Opera. Gonna have to study up a little bit if you
wanna keep with the plot. ‘Cause it’s a complicated Russian novel,
everyone’s got nine different names. So look it up in your program, we appreciate
it thanks a lot. There is something both irreverent and worshipful,
about meeting these classical texts and putting them through a very contemporary lens. Dave and I both, you know we adore the novel,
and so when there’s this opening song, The Prologue, you know “this is all in your
program, you are at the Opera. Gonna have to study up a little bit if you
wanna keep with the plot,” it’s a commentary on how scary War and Peace is to read, and
how freaked out people are by the length of it. And then it’s also to say “we’re gonna
take care of you because this story is beautiful, so come with us on the journey,” in a way
that people might feel afraid to otherwise because they’re intimidated by what some
high school teacher told them about this great novel, which is so harmful because it puts
the writing far away, and it means you may not deserve access to it, which is of course
ridiculous. [GREAT COMET – NO ONE ELSE] First time I heard your voice, moonlight burst
into the room, and I saw your eyes, and I saw your smile, and the world opened wide. And the world was inside of me… The music makes War and Peace palatable, it
makes it approachable, and allows you to be working on the audience on many many different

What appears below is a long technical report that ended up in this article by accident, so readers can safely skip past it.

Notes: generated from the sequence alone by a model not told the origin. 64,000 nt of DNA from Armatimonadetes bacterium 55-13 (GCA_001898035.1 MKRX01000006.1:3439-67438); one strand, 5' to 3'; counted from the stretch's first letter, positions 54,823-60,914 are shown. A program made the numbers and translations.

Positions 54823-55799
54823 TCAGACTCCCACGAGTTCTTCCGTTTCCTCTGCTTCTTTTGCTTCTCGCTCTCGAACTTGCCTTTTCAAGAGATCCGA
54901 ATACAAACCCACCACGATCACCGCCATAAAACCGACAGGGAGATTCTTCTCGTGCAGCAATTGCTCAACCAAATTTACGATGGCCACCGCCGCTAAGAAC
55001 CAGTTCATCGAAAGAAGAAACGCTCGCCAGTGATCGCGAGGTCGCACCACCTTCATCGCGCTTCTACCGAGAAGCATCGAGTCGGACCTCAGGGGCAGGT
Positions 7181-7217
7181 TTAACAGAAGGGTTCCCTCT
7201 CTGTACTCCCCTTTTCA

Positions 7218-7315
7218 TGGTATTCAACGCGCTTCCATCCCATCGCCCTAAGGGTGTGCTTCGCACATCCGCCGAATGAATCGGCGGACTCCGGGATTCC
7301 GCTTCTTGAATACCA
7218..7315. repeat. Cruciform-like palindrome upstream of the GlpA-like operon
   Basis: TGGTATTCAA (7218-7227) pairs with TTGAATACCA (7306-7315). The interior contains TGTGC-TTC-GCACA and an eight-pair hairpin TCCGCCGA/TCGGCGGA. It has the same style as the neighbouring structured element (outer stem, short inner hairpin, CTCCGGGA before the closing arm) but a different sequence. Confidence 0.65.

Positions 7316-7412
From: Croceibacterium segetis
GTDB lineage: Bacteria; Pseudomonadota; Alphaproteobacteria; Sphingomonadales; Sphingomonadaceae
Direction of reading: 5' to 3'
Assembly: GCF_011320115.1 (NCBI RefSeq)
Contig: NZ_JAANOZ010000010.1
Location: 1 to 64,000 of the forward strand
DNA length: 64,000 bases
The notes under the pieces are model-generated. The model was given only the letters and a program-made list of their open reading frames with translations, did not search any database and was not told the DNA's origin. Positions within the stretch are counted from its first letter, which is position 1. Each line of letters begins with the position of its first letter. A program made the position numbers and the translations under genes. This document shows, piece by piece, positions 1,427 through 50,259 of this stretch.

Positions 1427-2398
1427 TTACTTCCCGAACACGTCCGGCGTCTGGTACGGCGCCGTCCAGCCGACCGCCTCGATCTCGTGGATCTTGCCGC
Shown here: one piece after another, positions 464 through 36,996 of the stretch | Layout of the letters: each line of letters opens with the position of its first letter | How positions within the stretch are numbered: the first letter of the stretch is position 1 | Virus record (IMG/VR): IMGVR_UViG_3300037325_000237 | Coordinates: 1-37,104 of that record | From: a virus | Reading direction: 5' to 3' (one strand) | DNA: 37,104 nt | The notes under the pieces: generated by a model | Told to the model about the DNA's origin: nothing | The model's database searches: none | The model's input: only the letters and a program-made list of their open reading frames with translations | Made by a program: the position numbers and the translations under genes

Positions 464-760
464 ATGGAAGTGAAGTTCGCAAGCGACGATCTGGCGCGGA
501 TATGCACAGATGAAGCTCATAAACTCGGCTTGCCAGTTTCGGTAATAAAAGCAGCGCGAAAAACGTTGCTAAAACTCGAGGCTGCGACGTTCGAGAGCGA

levels at once. They are perceiving narratives, they’re
reading body language, because that’s what we’re built to do as humans. But when you lay music against it, they’re
being influenced both consciously and unconsciously by the rhythm of the song, by the orchestration. I mean, Dave does his own orchestrations which
is really quite extraordinary. And his musical tastes are so eclectic, so
you have this gorgeous like indie-folk song that Brittain Ashford, playing Sonya, sings
in Act II, next to an aria that sounds like it could be from a Rogers and Hammerstein
score, alongside really really thumping techno. For Great Comet, the first step was I just
took the 70 page sliver of the book and literally cut and pasted from the Internet, and turned
it into a Word document. And then it was really like a mammoth job
of editing, just like deleting paragraphs, deleting characters until I got it down to
a kind of manageable, you know, script size looking thing. And then it became a more microscopic process,
you know “okay well now this actual chapter, how do I turn this chapter into a song, what’s
the one line in this chapter that sings out to me and could become the chorus of a song.” Rachel (Chavkin) is my closest collaborator,